Turning from the question of which human voices are allowed to transmit, we also ask what kinds of signals can be transmitted. What kinds of ‘radio voices’ are championed, or silenced? How can we use radio as a creative and/or artistic medium, not just in terms of content, but also signal? 

The summer camp RADIOTOPIA - a rehearsal of spectrum takeover was a chance to collectively imagine radio otherwise. We tried to think with and beyond some of the questions and problematics of radio that I have tried to articulate here. We wondered about its use beyond the national/governmental, beyond the scope of the military, or religious, or capitalist endeavour; about a use of radio outside of the constraints of amateur radio culture, outside the conservatism of national radio or the content-driven and underfunded worlds of free- and community radio.
Radiotopia was a bringing together of individuals and collectives in order to think towards making radio imaginaries manifest, toward transmitting otherwise a multiplicity of voices on/of radio.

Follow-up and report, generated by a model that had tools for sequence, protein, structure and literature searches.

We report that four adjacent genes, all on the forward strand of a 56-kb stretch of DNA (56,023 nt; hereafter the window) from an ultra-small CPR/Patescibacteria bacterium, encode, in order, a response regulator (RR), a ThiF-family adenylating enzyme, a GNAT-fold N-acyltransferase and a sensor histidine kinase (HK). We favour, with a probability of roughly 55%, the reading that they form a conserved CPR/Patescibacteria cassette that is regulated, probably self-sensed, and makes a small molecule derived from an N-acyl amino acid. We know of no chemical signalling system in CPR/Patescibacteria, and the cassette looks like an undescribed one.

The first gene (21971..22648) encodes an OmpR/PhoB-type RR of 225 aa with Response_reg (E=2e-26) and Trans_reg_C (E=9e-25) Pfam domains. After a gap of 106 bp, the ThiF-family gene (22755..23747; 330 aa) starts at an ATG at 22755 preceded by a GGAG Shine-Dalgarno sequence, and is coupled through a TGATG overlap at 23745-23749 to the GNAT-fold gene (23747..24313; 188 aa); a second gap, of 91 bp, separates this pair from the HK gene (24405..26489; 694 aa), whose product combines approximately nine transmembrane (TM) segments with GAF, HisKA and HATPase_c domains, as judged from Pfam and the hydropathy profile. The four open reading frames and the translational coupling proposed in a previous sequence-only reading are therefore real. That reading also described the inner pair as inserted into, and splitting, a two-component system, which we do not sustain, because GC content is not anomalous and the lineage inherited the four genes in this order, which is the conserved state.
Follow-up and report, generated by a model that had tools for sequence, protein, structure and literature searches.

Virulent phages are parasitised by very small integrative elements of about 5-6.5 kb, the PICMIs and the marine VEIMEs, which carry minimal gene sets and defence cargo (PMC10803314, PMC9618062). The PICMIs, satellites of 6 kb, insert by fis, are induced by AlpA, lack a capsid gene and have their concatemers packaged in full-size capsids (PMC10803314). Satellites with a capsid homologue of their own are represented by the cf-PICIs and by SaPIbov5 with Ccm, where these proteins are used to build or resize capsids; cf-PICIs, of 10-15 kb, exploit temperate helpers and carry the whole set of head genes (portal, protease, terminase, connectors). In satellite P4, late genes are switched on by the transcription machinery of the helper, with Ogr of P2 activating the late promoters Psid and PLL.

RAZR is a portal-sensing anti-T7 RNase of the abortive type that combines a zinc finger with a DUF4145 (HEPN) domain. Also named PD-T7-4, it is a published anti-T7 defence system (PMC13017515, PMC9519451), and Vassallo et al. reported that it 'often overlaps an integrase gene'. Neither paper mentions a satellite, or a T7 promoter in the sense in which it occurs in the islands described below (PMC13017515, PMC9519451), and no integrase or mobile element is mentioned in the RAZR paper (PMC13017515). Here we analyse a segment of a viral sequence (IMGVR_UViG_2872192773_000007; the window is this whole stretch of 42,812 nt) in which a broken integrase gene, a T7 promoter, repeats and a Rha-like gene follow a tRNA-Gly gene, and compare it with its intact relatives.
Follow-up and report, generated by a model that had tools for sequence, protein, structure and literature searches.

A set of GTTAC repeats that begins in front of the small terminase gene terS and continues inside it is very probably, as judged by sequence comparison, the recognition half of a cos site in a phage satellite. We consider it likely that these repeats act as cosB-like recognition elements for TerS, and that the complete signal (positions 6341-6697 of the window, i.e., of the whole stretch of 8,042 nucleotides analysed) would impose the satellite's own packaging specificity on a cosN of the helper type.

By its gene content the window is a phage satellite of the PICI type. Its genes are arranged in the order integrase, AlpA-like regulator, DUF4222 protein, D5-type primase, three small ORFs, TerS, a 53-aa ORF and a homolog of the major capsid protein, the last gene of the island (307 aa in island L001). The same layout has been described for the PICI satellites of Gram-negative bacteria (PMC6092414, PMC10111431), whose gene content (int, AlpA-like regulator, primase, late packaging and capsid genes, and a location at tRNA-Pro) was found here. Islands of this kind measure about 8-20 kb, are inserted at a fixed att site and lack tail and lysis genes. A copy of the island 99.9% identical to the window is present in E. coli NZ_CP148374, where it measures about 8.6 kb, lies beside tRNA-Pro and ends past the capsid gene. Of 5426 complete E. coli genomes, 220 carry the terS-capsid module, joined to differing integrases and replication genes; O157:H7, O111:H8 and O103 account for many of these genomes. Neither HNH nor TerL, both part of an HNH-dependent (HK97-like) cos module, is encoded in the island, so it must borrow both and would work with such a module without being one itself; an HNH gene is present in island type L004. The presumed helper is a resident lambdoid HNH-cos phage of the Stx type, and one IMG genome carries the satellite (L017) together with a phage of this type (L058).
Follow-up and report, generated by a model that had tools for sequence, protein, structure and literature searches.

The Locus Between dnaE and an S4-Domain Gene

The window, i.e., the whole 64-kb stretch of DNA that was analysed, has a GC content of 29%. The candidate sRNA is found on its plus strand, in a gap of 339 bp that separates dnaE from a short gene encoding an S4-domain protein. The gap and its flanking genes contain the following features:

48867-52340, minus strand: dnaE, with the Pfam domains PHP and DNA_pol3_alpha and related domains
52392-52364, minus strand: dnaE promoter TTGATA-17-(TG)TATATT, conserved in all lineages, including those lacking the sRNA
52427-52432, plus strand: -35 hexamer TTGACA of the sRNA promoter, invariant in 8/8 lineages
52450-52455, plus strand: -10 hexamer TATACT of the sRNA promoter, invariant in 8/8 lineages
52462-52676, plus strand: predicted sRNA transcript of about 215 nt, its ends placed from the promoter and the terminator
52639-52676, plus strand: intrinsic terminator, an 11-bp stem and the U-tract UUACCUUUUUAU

RADIOTOPIA - a Rehearsal of Spectrum Takeover gathered more than 15 radio artists from Europe and the USA on board the Stubnitz in Hamburg from July 12-16, 2022. An event by MS Stubnitz and STWST. http://radiotopia.stwst.at


Ö1 Kunstradio from MS Stubnitz: Sun, 11. Sept, 23:00, Radio Ö1

Radiotopia is present on the measuring ship Eleonore as part of STWST48x8 DEEP. 48 Hours Disconnected Connecting: https://stwst48x8.stwst.at/radiotopia 

Franz XAVER, Silvia Eckermann, Gerald Nestler and Guests
minus delta-t‘ and the Red Thread of Media Art 

Experiment, Critique and Conversation

Ship Eleonore / Sun, 11. Sept, 10:00 - 14:00
Meeting point for the boat shuttle: STWST entrance area 

minus delta-t‘ - An experimental setup in electromagnetic space - time dilation by hydrogen radiation from other galaxies and the role of observer status in the information society. Franz XAVER 

The basic idea of the radio experiment on Eleonore is that the simultaneously arriving hydrogen signals of the universe testify to events that can originate from different times. This is how the significance of an observation position is derived. Seen from the position of art, it can be assumed that this physical insight can also be applied to information systems or number systems. Everything becomes dependent on the position in a relative frame of reference. Art stands for us in an imaginary number system and information outside Shannon‘s information theory and has the task of giving our information society new perspectives.